Dilemma of a Design Student

Mongolia

Originally from Australia, Coral Camps writes from Ulaanbaatar, Mongolia, where she and her husband, Doug, have been serving as volunteer missionaries since March 2006. Doug teaches cabinet-making skills, while Coral divides her time between being his personal assistant and teaching conversational English to some of the locals.

Usually when Boloro wanted something she would smile. But today she was serious.

My final exam is on Sabbath,” she said. “Please, would you ask my school director if I can take my exam on Sunday?”

I was so happy that she had chosen to be strong and faithful to her God!  But what would I say to the director?  I had met her several times over the past four years of Boloro’s course in clothing design. I had also marveled at Boloro’s ability to sew garments with such precision, especially the intricate Mongolian national dells she’d produced while living with us. She deserved to do well.

I claimed the promise in Exodus 4:12, “I will be with thy mouth, and teach thee what thou shalt say,” a memory verse I had learned as a child. I prayed constantly, “Lord, please give me the words to speak!”  

The director was as friendly as usual. But when I explained why Boloro wanted to do her exam on Sunday she was adamant. It was just impossible. This was a government exam and totally out of her control. The examiners would come to the school only on this one day. There was nothing she could do to change that. I understood. This was an oral exam. Boloro could not do her exam apart from those teachers. 

“There are 48 students to be tested on Saturday,” the director told me, “and we allow an average of 15 minutes for each one of them. I cannot really say when they will finish.”  

“So if they start at 9 a.m., maybe they won’t finish until after sundown,” I said, “Could she be tested last?”

“I really can’t guarantee that,” the director answered. “Can’t she just do the exam this year and worship her God next year? It’s impossible to change anything now.”  

“I realize that it’s impossible for you to do anything,” I said. “But I will pray to my God and ask Him to fix this problem.”  At this the director stood up and ushered me out of the room.

I continued to pray for Boloro and emailed many friends to support me – people from Australia, America, everywhere. In the meantime, Boloro’s classmates could not believe her attitude. “What kind of God is this,” they asked her, “who would not let you finish your course just because your exam is on Saturday?”  On Sabbath morning Boloro sent a text message to her class teacher. It read, “I can’t come today. Don’t worry.”  Her teacher replied, “What?  This choice is crazy. Come to school!”  Boloro also sent her family a message saying, “I can’t go to school today.”  Her sister was so upset, she rang me. “Boloro tells me she’s not planning to do her exam today. Even if she did the exam next year, it might be held again on Saturday, then what?”

Boloro’s sister is a very committed Christian who knows her Bible. I reminded her that God has promised that if we honor Him, He will honor us, like he did for Shadrach, Meshach and Abednego. But she still thought Boloro was making a mistake.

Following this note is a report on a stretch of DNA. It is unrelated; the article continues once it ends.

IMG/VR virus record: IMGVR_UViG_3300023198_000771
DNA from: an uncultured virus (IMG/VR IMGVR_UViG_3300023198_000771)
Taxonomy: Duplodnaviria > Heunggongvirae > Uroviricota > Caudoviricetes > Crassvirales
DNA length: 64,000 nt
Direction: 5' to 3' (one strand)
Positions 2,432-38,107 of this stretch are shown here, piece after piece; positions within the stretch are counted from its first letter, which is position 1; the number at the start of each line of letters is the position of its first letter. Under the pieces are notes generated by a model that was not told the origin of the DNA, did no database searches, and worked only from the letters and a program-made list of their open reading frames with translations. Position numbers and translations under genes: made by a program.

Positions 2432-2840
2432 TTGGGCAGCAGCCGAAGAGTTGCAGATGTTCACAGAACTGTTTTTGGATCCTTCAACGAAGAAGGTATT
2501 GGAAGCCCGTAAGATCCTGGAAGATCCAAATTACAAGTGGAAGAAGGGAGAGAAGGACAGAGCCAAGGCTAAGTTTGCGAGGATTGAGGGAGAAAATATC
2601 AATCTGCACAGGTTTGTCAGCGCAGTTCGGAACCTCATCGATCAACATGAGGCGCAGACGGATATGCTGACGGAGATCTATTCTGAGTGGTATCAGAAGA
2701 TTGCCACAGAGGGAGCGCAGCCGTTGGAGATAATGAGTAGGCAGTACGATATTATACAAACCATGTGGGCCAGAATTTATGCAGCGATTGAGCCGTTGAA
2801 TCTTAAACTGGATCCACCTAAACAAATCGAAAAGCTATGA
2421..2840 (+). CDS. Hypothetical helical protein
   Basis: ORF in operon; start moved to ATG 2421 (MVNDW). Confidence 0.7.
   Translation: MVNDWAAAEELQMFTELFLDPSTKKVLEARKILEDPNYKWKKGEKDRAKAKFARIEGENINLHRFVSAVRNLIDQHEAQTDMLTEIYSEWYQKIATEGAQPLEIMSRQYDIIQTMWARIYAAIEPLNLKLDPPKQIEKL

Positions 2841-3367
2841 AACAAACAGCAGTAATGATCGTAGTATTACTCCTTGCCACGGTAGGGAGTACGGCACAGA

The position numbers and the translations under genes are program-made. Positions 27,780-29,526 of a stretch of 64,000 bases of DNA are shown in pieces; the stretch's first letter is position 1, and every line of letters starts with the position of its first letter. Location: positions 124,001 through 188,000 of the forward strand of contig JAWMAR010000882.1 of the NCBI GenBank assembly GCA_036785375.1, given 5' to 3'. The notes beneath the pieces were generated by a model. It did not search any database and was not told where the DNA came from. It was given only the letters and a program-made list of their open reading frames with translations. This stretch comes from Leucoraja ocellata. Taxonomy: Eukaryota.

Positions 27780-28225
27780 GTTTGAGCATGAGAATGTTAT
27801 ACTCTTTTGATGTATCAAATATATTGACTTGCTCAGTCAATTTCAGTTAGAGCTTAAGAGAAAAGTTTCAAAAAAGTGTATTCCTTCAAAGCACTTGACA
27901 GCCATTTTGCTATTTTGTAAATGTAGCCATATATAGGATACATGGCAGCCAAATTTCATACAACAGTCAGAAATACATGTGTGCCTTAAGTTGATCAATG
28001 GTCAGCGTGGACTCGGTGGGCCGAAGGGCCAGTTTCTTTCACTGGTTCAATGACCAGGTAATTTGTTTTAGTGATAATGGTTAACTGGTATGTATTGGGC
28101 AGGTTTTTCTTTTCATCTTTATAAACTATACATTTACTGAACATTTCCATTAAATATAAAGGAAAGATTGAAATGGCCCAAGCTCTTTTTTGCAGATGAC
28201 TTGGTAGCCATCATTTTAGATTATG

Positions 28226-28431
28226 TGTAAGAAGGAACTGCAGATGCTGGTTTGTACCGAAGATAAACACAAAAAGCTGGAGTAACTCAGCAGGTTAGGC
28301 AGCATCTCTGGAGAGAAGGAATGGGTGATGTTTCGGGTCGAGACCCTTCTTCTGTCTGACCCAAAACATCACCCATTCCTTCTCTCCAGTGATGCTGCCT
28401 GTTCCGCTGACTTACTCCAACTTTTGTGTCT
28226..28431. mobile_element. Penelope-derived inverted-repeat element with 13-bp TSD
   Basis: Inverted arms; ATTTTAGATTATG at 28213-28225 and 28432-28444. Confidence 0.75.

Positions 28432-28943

Boloro went to church as planned. After church she received many messages from her teachers and director, saying, “Come to school. We are waiting for you. Hurry!” Her teachers were very worried. They really wanted all their students to pass.

At 3 p.m., Boloro’s class teacher sent her a message, “Come quickly! There is still time for you to do your exam.”  Boloro replied, “I really want to do my exam but I will come to school after sundown.”  At 6 p.m. her diploma teacher called her. This woman was known to be easily angered. “Where are you?” she asked. “I will come soon,” said Boloro. The teacher hung up with an exasperated sigh.

Just after sundown Boloro went to school. She was amazed to find that 15 of her classmates had not yet taken their exam although it was already so late. Her friends could hardly believe it. Every year the clothing designers were examined first, and the shoe designers second. “Your God must be a strong God because this year the shoe designers were examined first,” they told her. They were beginning to see what kind of God she had!

“At 2 a.m., I did my exam,” Boloro told me. “The government teachers had already gone home. They were just too tired. So now there were only the director and two other teachers to question me about my work. But my director didn’t check my work. She spent half the time talking about religion. ‘The Mongolian government allows religious freedom so if you want to believe in Christ that’s okay,’ she told me, ‘but on examination day, if you don’t do the exam, your work of four years will be wasted. Your belief is so strange. I don’t want you to fail your exam, but I’m not happy. Next time you think about that!’  I just smiled. It was a long ten minutes. I was so happy when it was all over.”

At 3:30 a.m., the last student finished her exam. At 4:00 a.m., the students’ results were announced just as the light of a new morning began filtering through the window. Boloro got a B, but more amazing than that, she had her wish. She had done her exam on Sunday. And God had done the impossible for her.

Adventist volunteer service 

(AVS) is a non-profit, humanitarian organization that is designed to assist the Seventh-day Adventist Church in proclaiming the gospel to people everywhere through the ministry of Adventist Volunteers.  Adventist volunteers may serve as pastors, ESL teachers, school librarians, computer technicians, orphanage workers, and more.  If you are interested in serving as a volunteer, please visit our Website (www.AdventistVolunteers.org) to apply.

Twenty years ago we had no members in Mongolia. Today we have more than 1,000.


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